Nvidia has been steadily extending its graphics card series based on 28-nanometer GK104 Kepler GPUs. The late-March release of the highly successful GeForce GTX 680 was followed by the early-May debut of the dual-processor flagship GeForce GTX 690 and, later on, by the GeForce GTX 670 which doesn’t yet seem to be mainstream to us, its recommended price being as high as $399. We do hope it will eventually become a mainstream product after a price cut. Right now, the new GeForce GTX 670 competes with the AMD Radeon HD 7950 which has the same recommended price. The competition is going to be exciting, especially as the GTX 670 seems to be even more attractive than the GTX 680…
Technical Specifications and Recommended Pricing
Technical specifications of the new Nvidia GeForce GTX 670 are given in the table below side by side with those of Nvidia GeForce GTX 680 (the differences are in bold font):
Design and Functionality
We’ve got a reference sample of the new card to test and it is hardly impressive. The face side of the PCB is covered by the black plastic casing of the cooler.
But when we take a look at the reverse side, we see an original solution: the short PCB is extended by means of a piece of plastic the cooler’s fan is fastened on. The GeForce GTX 670 is 241 millimeters long, which is 13 millimeters shorter than the GeForce GTX 680, but its PCB is a mere 170 millimeters long.
Like the reference GTX 680, the GeForce GTX 670 is equipped with two dual-link DVI outputs, one HDMI 1.4a connector and one DisplayPort version 1.2:
Thus, the GeForce GTX 670 can work with multi-monitor configurations (up to 4 displays simultaneously).
There are two 6-pin power connectors at the very edge of the short PCB.
The card’s peak power consumption is 170 watts in 3D mode as opposed to the GeForce GTX 680’s 195 watts. Using the MIO connectors located in their usual place, you can combine up to four GeForce GTX 670s into a SLI configuration.
The PCB seems to be kind of unfinished due to its small size. It looks as if it were sawn off along the memory chips.
So, the power circuit components are located in between the GPU and the video interfaces, just like on AMD’s Radeon HD 7870 and HD 7850 cards.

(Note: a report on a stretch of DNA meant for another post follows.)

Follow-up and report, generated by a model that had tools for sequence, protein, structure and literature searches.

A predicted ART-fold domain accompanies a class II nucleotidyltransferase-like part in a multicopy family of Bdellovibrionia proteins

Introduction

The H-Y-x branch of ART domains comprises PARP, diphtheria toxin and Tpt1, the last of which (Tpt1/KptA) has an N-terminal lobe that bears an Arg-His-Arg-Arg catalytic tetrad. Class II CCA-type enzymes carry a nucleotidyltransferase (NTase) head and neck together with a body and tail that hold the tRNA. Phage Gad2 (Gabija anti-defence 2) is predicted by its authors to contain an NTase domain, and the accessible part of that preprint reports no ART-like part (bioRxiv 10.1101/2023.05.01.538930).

Managed by an ON Semiconductor NCP5392P controller, there are four power phases for the GPU and two for the graphics memory. That's a cheap and simple solution but how reliable is it?
The 28nm GPU of our card was manufactured in Taiwan on the 3rd week of 2012. It is revision A2 (the only revision spotted in retail so far).
As opposed to the full-featured GK104 Kepler, the GeForce GTX 670 is equipped with a simplified version of the GPU that has one out of the eight available SMX units turned off on the hardware level. The resulting GPU has 1344 unified shader processors and 112 texture-mapping units instead of the original version’s 1536 and 128. The number of raster operators has remained the same at 32. The base GPU clock rate in 3D mode is lowered from 1008 to 915 MHz at 1.175 volts while the GPU Boost technology can increase it by 65 MHz up to 980 MHz. The clock rate is dropped to 324 MHz at 0.987 volts in 2D mode.
The GeForce GTX 670 comes with 2 gigabytes of FCBGA-packaged GDDR5 memory in Hynix Semiconductor chips labeled as H5GQ2H24AFR R0C. They have a rated clock rate of 6000 MHz.
The 3D clock rate of the chips is 6008 MHz. Coupled with a 256-bit bus, this translates into a peak bandwidth of 192.3 GB/s, just like on the GeForce GTX 680. The memory clock rate is dropped to 648 MHz in 2D mode. The memory chips are located on both sides of the PCB and there are places for more chips there. So, we won’t be surprised to see 4GB versions of GeForce GTX 670 in the future.
Here is a summary of the reference Nvidia GeForce GTX 670 specs: